The roles of suprasegmental features in predicting English oral proficiency with an automated system

Okim Kang, David Johnson

Research output: Contribution to journalArticle

Abstract

Suprasegmental features have received growing attention in the field of oral assessment. In this article we describe a set of computer algorithms that automatically scores the oral proficiency of non-native speakers using unconstrained English speech. The algorithms employ machine learning and 11 suprasegmental measures divided into four groups (prominence, filled pause, speech rate, and intonation) to calculate the proficiency scores. In test responses from 120 non-native speakers of English monologues from the Cambridge English Language Assessment (CELA), the Pearson’s correlation between the computer’s calculated proficiency levels and the official CELA proficiency levels was 0.718. The current findings provide empirical evidence that prominence and intonation are salient features in the computer model’s prediction of proficiency.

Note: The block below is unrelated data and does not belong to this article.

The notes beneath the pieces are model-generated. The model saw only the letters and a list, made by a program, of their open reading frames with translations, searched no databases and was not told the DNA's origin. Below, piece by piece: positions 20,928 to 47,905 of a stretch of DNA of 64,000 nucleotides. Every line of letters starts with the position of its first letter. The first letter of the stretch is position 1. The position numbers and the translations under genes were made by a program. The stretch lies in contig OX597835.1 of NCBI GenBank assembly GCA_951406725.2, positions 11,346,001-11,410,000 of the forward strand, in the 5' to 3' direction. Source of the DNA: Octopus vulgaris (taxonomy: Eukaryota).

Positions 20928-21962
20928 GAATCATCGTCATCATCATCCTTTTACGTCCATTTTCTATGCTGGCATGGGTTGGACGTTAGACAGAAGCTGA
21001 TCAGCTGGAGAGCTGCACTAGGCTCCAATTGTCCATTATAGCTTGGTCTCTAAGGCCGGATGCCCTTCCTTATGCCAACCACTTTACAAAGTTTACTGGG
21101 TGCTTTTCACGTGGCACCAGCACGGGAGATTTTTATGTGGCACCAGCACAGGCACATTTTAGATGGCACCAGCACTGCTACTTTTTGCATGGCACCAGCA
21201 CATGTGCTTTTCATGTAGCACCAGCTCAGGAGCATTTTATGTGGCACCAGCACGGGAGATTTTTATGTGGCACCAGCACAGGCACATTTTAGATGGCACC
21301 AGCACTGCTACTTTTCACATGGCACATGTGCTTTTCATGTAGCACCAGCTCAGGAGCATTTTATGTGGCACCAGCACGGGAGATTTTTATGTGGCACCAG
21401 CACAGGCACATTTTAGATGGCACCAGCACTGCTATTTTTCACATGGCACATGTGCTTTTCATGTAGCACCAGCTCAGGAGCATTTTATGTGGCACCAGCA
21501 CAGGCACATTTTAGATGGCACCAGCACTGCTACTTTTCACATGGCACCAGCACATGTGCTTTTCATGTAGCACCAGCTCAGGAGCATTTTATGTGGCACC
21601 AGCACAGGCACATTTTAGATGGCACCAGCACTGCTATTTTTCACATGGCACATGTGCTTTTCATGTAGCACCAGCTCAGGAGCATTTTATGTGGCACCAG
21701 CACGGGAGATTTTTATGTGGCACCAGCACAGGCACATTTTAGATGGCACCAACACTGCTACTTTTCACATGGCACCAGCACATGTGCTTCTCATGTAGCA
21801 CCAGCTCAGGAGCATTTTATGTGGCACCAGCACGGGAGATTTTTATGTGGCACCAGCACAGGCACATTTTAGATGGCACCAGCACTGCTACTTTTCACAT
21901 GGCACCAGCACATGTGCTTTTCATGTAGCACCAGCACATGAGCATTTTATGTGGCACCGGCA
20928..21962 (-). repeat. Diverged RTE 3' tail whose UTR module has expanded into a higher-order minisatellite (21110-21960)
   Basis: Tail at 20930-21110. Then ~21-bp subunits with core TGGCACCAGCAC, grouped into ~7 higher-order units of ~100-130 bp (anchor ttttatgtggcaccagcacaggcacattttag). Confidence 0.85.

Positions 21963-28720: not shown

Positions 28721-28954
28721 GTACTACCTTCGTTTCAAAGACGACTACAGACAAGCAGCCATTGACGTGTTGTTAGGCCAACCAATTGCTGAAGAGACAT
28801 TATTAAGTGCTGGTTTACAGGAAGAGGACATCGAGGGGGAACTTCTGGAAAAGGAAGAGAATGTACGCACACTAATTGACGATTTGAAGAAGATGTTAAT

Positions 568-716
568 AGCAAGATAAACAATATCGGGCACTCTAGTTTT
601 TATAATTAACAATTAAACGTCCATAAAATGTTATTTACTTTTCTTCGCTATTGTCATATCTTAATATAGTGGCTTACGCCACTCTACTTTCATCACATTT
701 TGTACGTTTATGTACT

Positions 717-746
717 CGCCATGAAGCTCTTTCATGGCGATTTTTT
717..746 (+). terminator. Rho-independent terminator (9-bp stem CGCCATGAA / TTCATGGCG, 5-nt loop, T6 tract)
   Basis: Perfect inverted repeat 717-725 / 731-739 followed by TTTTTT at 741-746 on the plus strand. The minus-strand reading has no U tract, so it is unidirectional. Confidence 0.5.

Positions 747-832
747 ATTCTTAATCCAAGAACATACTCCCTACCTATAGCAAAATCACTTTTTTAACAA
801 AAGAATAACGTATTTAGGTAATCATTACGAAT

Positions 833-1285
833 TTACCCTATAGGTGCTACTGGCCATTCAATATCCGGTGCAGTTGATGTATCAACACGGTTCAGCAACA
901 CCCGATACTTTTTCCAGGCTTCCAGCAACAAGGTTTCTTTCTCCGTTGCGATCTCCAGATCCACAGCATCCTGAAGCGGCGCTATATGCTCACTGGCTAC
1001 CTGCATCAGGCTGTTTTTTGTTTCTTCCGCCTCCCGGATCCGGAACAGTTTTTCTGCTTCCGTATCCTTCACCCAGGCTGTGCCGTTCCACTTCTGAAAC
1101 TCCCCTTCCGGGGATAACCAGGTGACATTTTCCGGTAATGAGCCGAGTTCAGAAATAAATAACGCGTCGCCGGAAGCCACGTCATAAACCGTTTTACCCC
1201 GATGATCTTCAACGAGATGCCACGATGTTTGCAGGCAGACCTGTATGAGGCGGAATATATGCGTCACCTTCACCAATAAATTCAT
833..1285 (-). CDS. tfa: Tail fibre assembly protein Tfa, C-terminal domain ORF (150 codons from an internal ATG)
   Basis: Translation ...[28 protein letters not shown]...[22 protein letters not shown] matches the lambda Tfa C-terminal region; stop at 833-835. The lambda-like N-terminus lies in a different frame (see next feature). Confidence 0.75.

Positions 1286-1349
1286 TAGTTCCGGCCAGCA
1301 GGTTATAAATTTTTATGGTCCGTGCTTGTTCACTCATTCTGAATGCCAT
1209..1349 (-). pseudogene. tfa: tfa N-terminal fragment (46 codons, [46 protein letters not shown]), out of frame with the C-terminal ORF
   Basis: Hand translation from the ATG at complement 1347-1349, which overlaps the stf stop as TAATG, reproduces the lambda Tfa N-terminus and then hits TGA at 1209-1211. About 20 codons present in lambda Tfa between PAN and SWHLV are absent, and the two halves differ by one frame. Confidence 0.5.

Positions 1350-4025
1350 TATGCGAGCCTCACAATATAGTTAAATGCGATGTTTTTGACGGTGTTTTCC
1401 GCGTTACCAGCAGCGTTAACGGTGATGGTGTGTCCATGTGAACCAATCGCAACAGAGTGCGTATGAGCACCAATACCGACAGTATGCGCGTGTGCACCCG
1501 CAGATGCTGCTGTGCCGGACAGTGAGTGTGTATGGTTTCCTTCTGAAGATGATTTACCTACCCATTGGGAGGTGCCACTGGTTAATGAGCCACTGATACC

Original languageEnglish (US)
Pages (from-to)1-19
Number of pages19
JournalLanguage Assessment Quarterly
DOIs
StateAccepted/In press - Mar 23 2018

Fingerprint

English language
official language
learning
evidence
Proficiency
Suprasegmental Features
Group
Language Assessment
Intonation

ASJC Scopus subject areas

  • Language and Linguistics
  • Linguistics and Language

Cite this

The roles of suprasegmental features in predicting English oral proficiency with an automated system. / Kang, Okim; Johnson, David.

In: Language Assessment Quarterly, 23.03.2018, p. 1-19.

Research output: Contribution to journalArticle

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